Executive Order challenge: fair or foul?
Representative Steven King (R-IA) said on Friday that he would go to court to enjoin Obama's "DREAM Executive Order" from taking effect. Unless and until Congress
passes anything like the DREAM Act, Obama has no right to put it into
effect by Executive Order. So says
King. He also said he would challenge the President by himself, whether
anyone else in Congress joined him or not. (See stories in WND and Newsmax.)
King’s problem with this Executive Order goes far beyond what it does. No
President, nor any State Governor or other executive, has the power to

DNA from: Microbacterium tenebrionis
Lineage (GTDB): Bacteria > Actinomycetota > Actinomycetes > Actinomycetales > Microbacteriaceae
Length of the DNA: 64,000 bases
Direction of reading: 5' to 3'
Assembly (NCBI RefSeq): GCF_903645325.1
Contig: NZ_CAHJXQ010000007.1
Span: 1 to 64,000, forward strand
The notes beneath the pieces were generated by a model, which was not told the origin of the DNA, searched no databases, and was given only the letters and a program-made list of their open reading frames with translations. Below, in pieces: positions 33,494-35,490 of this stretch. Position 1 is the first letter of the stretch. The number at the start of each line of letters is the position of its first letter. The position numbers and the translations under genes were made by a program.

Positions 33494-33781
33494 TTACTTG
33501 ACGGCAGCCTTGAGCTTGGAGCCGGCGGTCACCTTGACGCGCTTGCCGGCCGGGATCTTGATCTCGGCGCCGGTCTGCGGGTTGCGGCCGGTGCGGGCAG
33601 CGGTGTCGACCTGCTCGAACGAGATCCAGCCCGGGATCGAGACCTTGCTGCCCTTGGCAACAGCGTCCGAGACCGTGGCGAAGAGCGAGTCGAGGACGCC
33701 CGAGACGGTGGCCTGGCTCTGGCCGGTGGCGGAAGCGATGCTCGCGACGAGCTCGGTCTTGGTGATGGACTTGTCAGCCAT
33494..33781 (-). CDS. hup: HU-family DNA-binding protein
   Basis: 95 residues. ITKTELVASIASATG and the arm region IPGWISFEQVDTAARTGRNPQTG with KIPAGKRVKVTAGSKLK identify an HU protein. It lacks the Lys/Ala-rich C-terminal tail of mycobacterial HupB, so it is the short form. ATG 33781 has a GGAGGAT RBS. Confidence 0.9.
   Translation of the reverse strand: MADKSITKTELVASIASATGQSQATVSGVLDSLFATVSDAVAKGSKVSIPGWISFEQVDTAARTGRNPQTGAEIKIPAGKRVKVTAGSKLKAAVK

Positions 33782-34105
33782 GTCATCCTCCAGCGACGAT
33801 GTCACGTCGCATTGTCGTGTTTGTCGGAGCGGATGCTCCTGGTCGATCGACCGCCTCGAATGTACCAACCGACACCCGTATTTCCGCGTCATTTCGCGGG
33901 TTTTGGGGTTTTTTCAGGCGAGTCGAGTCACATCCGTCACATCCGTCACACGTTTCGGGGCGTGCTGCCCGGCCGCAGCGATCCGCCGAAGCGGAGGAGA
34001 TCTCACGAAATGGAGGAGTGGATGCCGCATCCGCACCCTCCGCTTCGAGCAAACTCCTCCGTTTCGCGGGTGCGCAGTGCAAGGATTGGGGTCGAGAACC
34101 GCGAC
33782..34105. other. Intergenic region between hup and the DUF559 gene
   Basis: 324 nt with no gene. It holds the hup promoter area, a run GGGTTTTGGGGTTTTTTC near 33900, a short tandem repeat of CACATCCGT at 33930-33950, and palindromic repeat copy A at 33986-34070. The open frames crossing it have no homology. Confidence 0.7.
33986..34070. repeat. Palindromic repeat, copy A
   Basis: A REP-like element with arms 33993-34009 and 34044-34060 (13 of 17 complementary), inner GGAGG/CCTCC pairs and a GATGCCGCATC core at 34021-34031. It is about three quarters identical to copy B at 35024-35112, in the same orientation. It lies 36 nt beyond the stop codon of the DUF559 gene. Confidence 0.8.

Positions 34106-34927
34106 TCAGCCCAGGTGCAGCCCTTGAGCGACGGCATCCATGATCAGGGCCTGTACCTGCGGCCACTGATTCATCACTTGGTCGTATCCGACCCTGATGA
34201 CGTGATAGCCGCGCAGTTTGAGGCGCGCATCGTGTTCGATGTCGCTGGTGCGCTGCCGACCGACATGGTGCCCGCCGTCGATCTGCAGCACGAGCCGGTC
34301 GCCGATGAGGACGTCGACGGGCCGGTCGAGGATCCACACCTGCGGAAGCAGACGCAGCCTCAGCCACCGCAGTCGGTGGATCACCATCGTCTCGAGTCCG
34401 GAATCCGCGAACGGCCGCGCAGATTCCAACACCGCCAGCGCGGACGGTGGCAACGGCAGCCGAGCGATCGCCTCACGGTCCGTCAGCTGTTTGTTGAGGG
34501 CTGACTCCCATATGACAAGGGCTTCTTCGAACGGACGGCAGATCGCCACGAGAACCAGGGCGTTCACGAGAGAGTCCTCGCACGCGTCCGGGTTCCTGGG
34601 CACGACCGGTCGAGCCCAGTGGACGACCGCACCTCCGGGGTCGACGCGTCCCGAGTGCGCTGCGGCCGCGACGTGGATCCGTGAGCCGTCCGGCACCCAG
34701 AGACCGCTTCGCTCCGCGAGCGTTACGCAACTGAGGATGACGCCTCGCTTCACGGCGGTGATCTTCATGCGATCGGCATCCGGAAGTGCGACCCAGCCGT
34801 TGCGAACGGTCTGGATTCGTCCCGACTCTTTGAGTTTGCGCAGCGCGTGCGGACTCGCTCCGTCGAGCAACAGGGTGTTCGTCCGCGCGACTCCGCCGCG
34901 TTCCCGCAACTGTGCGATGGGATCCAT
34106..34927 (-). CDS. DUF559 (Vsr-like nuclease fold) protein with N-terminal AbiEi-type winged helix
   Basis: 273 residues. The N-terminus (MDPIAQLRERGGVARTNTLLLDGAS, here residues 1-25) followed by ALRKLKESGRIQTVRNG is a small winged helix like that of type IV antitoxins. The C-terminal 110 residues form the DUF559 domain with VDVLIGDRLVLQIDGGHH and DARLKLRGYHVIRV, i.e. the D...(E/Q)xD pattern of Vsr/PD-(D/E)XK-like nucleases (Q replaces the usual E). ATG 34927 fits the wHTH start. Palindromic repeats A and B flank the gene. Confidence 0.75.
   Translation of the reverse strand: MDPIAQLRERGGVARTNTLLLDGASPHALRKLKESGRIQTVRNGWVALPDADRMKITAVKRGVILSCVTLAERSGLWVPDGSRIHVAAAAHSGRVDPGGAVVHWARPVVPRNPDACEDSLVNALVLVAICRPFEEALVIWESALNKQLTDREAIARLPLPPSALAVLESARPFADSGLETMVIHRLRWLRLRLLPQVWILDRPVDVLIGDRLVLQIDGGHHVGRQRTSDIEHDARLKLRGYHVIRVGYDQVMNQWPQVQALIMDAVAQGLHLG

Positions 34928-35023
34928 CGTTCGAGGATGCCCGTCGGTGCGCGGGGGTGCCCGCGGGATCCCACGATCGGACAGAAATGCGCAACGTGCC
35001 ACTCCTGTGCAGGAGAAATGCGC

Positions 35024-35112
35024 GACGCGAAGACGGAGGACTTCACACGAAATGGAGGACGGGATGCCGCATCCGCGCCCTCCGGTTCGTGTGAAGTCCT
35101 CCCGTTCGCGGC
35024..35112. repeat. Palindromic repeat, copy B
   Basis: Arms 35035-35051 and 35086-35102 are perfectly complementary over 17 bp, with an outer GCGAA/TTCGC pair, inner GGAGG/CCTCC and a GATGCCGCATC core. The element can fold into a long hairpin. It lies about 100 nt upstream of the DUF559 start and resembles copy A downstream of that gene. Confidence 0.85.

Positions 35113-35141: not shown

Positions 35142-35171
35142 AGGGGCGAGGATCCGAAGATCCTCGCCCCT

do what he pleases without checking with his respective legislature.
King said he would act
before Obama has a chance to do even more damage to the Constitution.
King has done this before. Then-Governor Tom Vilsack signed an
Executive Order in 1999, having to do with hiring discrimination in
State government offices. King sued him, and won. A judge said that
Vilsack exceeded his authority with that order. King will rely on his
experience in suing Obama. His lawyers are looking now into:
- Where to sue, and
- Whether he has standing.
This is the first time in recent memory that anyone in Congress has
challenged a Presidential Executive Order. Without challenges like this,
Presidents have for decades seemed to make new law with them and get
away with it. Now, at last, a court might decide whether a President may
do that, and how far he may go.
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